Category Archives: The Year of Zelda

From The Armchair: Accidental JRPG July

I only just found out about JRPG July, and it turns out I’m already participating in it – quite by accident.

The other week, after reading reviews of the just-released Valkyria Revolution, I decided to have a go on Valkyria Chronicles Remastered, the first game in the series. I got it for my birthday last year, but this is the first time I’ve played it. And whereas Valkyria Revolution has met with generally terrible reviews, Valkyria Chronicles is already shaping up to be one of my favourite games ever.

I was delighted to discover that it’s a tactical turn-based game, which happens to be my favourite genre – games like XCOM (review), Ghost Recon: Shadow Wars (review) and Fire Emblem are some of my most played. I was also delighted to find that Valkyria Chronicles stars Vyse and Aisha from Skies of Arcadia among its cast, which was a lovely throwback to that fantastic Dreamcast RPG. Seeing them again has made my yearning for a Skies sequel all the more keener.

I’ll post a full review of Valkyria Chronicles when I’m done – I’m over halfway through now, so I should be able to get it finished in time for the end of JRPG July. But it’s not the only JRPG I’ve been playing.

Valkyria Chronicles is astonishingly good.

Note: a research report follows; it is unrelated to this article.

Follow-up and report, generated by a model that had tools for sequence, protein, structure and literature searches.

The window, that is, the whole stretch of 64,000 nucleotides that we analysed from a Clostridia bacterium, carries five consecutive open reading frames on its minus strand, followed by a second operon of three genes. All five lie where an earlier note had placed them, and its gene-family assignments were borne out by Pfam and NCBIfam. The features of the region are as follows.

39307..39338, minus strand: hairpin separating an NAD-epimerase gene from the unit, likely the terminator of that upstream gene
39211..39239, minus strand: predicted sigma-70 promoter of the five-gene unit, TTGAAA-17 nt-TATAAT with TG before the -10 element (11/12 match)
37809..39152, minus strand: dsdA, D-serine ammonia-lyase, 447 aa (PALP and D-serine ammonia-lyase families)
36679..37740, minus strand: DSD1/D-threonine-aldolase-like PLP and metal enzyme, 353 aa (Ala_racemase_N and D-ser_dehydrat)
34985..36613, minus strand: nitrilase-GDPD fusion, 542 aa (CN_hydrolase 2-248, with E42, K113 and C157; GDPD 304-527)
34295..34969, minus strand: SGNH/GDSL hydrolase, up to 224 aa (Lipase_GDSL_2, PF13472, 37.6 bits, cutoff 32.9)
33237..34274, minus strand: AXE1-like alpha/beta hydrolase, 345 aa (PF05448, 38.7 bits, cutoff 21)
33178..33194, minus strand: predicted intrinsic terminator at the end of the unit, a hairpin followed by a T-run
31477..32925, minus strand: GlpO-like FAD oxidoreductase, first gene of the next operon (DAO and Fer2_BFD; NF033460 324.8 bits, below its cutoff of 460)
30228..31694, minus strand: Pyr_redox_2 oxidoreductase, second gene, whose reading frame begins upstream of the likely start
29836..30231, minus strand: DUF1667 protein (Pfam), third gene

I finally finished Fire Emblem Fates: Conquest the other day. To be honest, it was a bit of a slog after Birthright, thanks to its much greater difficulty – even playing on Casual, it got really tough towards the end. I’m glad I didn’t play it with permadeath on, like I did with Birthright, as I’d probably only have half a dozen characters left by the final level. I’m interested to play the third and final Fates game, Revelations, if only to fill in some of the plot holes, but I’ll leave it for a while – I’m a bit Fire Emblemed out right now.

I also started playing The Legend of Zelda: Skyward Sword. First impressions? Link is surely at his most beautiful in this game. What a handsome youth he is, in all his cel-shaded glory – the game seems to hit a perfect sweet spot between Toon Link and the more gritty Ocarina Link. But aesthetics aside, I’ve loved what I’ve played so far, particularly when the cook scolded me for breaking pots. Nice subversion of expectations there, Nintendo. I’m going to get straight back into it when Valkyria Chronicles is done and dusted.